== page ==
Homework 4 Solutions

Due Wednesday, February 10, 2010.
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goodwine
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Homework 4 Solutions

Post by goodwine »

Here they are.
Bill Goodwine, 376 Fitzpatrick
ctalley1

Re: Homework 4 Solutions

Post by ctalley1 »

For most of my answers for question 5, I got points off bc the grader said my eigenvector was incorrect, yielding an incorrect general solution.

for A2 in question 5 for example, my third eigenvector was [0;-1;0], which makes sense to me because it's actually an eigenvector of the eigenvalue '-2.' The difference is that I didn't have to multiply by 't' in most of my solutions, but I believe they're still correct. Can you explain why this approach is incorrect?

Thanks,
Chuck
goodwine
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Re: Homework 4 Solutions

Post by goodwine »

ctalley1 wrote:For most of my answers for question 5, I got points off bc the grader said my eigenvector was incorrect, yielding an incorrect general solution.

for A2 in question 5 for example, my third eigenvector was [0;-1;0], which makes sense to me because it's actually an eigenvector of the eigenvalue '-2.' The difference is that I didn't have to multiply by 't' in most of my solutions, but I believe they're still correct. Can you explain why this approach is incorrect?
If it's a "regular" eigenvector, meaning it satisfies (A - \lambda I)\di=0 (no powers on the matrix), then there won't be any terms multiplied by t in its part of the solution. If it's a generalized eigenvector, meaning that (A-\lambda I) must be raised to a power greater than one before it is equal to zero when \xi is multiplied into it, then there will be terms multiplied by t.
Bill Goodwine, 376 Fitzpatrick
lawnoy

Re: Homework 4 Solutions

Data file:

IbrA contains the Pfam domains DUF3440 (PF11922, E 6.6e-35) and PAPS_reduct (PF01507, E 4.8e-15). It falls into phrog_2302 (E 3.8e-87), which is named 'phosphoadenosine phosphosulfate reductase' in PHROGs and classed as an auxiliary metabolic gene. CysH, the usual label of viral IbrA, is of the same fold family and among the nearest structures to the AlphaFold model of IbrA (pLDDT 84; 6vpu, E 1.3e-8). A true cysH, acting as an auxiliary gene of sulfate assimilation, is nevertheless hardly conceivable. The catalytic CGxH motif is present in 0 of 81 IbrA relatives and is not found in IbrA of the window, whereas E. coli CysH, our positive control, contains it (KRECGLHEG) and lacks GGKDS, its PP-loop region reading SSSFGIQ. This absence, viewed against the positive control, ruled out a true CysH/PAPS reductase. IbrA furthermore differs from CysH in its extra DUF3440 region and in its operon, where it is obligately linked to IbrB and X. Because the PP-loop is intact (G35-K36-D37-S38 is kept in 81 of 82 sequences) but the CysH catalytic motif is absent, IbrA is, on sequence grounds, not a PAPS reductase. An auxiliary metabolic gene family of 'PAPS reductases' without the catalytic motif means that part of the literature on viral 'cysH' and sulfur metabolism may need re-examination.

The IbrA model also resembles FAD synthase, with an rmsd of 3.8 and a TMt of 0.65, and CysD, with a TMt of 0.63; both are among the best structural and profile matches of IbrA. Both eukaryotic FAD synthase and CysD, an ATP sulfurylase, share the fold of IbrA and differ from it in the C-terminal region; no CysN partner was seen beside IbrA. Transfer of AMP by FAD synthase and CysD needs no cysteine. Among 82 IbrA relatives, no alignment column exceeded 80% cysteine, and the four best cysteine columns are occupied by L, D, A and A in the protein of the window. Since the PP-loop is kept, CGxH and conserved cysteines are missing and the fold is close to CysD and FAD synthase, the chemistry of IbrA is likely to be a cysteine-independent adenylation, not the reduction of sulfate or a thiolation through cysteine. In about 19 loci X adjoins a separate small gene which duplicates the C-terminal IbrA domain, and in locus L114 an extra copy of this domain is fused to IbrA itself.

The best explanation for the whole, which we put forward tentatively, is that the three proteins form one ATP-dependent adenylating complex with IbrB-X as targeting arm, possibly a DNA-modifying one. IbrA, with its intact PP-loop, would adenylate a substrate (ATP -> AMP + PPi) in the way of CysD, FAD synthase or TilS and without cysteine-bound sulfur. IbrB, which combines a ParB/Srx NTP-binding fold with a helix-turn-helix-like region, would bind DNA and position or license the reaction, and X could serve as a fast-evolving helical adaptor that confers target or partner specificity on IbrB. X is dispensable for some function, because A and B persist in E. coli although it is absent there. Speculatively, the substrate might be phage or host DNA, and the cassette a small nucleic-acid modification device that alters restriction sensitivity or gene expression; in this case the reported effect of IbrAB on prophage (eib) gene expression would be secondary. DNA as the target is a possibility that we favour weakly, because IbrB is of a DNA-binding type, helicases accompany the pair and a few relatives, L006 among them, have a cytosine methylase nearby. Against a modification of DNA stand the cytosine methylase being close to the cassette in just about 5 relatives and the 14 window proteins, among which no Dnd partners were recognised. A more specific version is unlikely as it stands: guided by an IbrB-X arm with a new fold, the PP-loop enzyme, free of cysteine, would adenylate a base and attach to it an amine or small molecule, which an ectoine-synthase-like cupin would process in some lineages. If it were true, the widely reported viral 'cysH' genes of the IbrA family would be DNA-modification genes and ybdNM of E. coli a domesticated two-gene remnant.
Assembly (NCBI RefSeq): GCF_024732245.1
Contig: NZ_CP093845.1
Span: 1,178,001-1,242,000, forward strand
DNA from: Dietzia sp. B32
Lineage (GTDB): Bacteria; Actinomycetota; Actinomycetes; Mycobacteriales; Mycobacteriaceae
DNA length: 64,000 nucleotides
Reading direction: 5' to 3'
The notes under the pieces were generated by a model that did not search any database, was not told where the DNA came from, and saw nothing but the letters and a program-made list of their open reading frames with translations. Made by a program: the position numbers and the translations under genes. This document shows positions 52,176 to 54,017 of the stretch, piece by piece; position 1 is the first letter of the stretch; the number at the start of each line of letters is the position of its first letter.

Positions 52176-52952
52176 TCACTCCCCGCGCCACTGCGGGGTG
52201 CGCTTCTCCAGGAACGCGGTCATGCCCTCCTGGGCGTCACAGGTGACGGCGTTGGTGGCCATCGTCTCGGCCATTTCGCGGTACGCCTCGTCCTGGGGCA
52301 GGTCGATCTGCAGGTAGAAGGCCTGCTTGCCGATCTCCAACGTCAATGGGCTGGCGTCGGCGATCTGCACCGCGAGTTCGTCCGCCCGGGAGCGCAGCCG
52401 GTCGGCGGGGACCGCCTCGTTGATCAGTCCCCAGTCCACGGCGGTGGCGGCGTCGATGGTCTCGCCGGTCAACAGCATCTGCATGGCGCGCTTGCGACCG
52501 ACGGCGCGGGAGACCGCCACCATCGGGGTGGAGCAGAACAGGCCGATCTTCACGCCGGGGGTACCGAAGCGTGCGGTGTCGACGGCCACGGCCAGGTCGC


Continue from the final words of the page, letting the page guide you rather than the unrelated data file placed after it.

Post by lawnoy »

Professor Goodwine,

For question 5 matrix A5, since A(1,2)=1, wouldn't there be a t*[1; 0; 0; 0; 0] part added to the eigenvector [0; 1; 0; 0; 0;]?

I think there's a similar problem with the solution for A4 as well.

Thanks!
goodwine
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Re: Homework 4 Solutions

Post by goodwine »

ctalley1 wrote:For most of my answers for question 5, I got points off bc the grader said my eigenvector was incorrect, yielding an incorrect general solution.

for A2 in question 5 for example, my third eigenvector was [0;-1;0], which makes sense to me because it's actually an eigenvector of the eigenvalue '-2.' The difference is that I didn't have to multiply by 't' in most of my solutions, but I believe they're still correct. Can you explain why this approach is incorrect?
I just realized something else about your question. If your third eigenvalue was (0,-1,0), what was the second one? You have to have a full set of linearly independent eigenvalues.
Bill Goodwine, 376 Fitzpatrick
goodwine
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Re: Homework 4 Solutions

Post by goodwine »

lawnoy wrote:Professor Goodwine,

For question 5 matrix A5, since A(1,2)=1, wouldn't there be a t*[1; 0; 0; 0; 0] part added to the eigenvector [0; 1; 0; 0; 0;]?

I think there's a similar problem with the solution for A4 as well.
You are right.
Bill Goodwine, 376 Fitzpatrick
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